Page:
SENATE PASSES PARENTAL CONSENT BILL
Senator Juan "Chuy" Hinojosa (left) and Senator Kyle Janek stand with the National Mathcount Championship Team from Sugarland. The team won the national competition held in Detroit on May 6.
Minors seeking to have abortions would have to get parental approval if a measure passed by the Senate today becomes law. Senate Bill 1150, by Arlington Senator Chris Harris, would require a physician to obtain parental consent before performing an abortion on a person 17 years of age or younger. The bill does, however, allow a judge to waive this requirement under certain circumstances.
A minor can get an abortion without parental consent if a judge rules the minor is mentally mature enough to make the decision for herself, or if obtaining consent is not in the best interest of the minor, or if it could result in parental abuse. A minor would also be allowed to have an abortion without consent if there is serious health risk associated with giving birth. If a judge does not rule on the case within two days following the appeal filing, then it is assumed that the waiver is granted.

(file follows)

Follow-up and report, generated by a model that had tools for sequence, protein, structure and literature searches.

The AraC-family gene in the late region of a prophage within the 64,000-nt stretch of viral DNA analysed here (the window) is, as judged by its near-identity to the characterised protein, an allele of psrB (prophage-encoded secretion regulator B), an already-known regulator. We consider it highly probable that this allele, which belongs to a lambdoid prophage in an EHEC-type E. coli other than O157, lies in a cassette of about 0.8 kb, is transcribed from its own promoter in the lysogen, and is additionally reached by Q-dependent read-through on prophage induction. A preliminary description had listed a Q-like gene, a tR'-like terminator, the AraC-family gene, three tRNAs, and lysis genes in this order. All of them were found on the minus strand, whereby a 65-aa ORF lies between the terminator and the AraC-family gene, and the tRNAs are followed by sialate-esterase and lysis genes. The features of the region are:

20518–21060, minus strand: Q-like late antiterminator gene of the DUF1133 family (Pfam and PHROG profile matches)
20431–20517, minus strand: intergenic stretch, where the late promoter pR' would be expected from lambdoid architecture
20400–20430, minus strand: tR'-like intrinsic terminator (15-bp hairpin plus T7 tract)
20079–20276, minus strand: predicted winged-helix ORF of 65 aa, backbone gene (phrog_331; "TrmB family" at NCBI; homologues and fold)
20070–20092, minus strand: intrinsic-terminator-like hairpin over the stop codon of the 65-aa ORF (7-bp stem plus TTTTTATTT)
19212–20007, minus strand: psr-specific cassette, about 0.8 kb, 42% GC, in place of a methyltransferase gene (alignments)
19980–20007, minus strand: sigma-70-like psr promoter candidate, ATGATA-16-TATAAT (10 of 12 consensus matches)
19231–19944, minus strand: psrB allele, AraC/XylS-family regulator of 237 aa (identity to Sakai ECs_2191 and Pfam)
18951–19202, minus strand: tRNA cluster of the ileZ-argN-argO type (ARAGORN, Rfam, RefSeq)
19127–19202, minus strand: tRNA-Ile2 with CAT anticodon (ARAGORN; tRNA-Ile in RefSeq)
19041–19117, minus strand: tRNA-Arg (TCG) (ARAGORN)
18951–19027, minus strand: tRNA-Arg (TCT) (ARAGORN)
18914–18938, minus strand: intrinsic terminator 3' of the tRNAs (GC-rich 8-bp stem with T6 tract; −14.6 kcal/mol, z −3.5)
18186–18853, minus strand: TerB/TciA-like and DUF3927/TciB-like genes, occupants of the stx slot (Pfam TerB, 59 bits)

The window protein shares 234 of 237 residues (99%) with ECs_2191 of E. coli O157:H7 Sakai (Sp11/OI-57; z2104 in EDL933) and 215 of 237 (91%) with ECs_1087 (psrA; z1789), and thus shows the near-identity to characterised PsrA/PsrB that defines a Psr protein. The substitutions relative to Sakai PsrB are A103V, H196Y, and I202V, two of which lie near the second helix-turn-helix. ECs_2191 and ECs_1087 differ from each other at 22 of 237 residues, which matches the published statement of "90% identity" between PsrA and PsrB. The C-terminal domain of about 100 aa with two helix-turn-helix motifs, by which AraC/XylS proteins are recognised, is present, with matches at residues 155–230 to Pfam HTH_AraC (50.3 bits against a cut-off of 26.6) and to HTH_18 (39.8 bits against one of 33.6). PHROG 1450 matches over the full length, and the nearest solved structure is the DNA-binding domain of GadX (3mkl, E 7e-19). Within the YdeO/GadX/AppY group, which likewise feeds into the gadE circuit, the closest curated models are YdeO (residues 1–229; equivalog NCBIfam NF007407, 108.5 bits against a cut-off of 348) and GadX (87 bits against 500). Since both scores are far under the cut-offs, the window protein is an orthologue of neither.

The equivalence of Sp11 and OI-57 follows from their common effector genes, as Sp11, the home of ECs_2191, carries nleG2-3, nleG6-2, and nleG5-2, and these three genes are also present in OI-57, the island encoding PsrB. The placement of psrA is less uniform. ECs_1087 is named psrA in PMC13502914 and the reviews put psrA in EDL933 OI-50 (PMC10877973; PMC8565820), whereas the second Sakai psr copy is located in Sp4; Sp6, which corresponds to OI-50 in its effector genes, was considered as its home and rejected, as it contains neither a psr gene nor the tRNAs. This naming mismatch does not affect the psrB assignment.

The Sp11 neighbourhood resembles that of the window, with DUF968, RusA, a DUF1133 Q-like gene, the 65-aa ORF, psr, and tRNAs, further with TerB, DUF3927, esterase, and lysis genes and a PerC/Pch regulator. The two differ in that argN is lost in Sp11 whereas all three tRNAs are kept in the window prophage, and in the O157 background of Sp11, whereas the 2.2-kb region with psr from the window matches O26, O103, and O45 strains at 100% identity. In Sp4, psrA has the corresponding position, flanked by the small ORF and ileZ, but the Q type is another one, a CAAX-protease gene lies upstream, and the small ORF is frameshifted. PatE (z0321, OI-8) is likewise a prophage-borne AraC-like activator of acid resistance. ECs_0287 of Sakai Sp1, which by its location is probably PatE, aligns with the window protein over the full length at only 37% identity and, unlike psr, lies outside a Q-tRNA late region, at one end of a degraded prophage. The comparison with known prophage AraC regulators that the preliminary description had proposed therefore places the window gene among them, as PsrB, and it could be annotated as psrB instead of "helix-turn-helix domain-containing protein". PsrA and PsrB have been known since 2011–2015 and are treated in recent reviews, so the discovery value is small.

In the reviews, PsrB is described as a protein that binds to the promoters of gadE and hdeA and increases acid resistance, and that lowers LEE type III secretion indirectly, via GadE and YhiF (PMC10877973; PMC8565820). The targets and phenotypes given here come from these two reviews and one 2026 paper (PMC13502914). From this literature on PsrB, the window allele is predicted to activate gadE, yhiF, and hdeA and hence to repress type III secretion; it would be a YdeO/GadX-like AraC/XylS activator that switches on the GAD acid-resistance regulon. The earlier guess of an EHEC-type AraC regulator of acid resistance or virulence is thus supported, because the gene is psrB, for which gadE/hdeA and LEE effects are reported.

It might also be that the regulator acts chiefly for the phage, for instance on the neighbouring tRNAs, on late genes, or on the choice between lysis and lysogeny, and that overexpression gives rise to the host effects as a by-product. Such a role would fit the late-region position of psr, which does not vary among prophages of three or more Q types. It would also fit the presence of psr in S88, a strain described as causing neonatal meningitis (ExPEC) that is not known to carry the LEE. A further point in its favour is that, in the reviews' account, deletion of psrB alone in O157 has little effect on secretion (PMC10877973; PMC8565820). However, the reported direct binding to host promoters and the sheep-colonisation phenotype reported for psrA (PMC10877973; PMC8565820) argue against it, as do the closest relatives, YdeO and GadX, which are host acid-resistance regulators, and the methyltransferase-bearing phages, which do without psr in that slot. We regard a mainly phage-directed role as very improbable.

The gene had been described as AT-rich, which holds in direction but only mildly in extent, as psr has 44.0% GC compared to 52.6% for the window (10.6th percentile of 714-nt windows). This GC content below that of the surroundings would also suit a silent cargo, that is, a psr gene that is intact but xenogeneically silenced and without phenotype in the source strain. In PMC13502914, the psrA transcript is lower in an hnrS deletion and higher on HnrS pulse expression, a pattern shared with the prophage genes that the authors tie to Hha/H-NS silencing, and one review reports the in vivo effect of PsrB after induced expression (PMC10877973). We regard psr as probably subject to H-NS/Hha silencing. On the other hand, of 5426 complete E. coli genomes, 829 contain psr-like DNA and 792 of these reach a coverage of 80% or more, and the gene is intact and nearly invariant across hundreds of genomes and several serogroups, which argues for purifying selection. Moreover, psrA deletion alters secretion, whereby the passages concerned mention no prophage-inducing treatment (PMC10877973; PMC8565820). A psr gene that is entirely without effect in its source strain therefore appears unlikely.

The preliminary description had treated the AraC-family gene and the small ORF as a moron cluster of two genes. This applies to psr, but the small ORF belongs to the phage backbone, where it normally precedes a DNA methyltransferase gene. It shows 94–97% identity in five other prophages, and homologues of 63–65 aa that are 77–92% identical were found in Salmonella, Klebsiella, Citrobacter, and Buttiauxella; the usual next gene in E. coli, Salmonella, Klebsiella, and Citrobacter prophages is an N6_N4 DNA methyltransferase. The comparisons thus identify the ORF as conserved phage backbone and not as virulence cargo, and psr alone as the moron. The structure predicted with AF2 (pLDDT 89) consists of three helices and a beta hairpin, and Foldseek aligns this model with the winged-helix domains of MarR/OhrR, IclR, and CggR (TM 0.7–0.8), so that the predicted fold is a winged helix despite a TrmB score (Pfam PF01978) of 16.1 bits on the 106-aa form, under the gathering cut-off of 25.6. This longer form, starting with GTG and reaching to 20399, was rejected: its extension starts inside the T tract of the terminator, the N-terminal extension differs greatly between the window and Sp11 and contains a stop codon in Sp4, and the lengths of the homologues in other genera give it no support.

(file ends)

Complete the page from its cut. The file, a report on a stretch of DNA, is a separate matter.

The bill would also make all these court proceedings confidential and not subject to the Open Meetings Act. Doctors who perform an abortion on a minor without the proper consent or waiver would face a $10,000 fine.
The state budget, the Senate also passed a bill today that would raise a number of application fees in an effort to add flexibility to the state budget. SB 1863, by Bryan Senator Steve Ogden, would increase the registration fee for a lobbyist that does not represent a tax-exempt organization from $300 to $1,000. It would also increase application fees for oil and gas wells, and clarifies statutes to ease the collection of the motor vehicle gas tax. State employees would also be allowed to waive state-sponsored medical coverage if they can demonstrate that they are adequately covered through another underwriter.
The Senate will reconvene Thursday, May 19 at 8 a.m. for consideration of the local and uncontested calendar, and will convene in regular session at 11 a.m.
Session video and all other webcast recordings can be accessed from the Senate website's audio and video archive pages.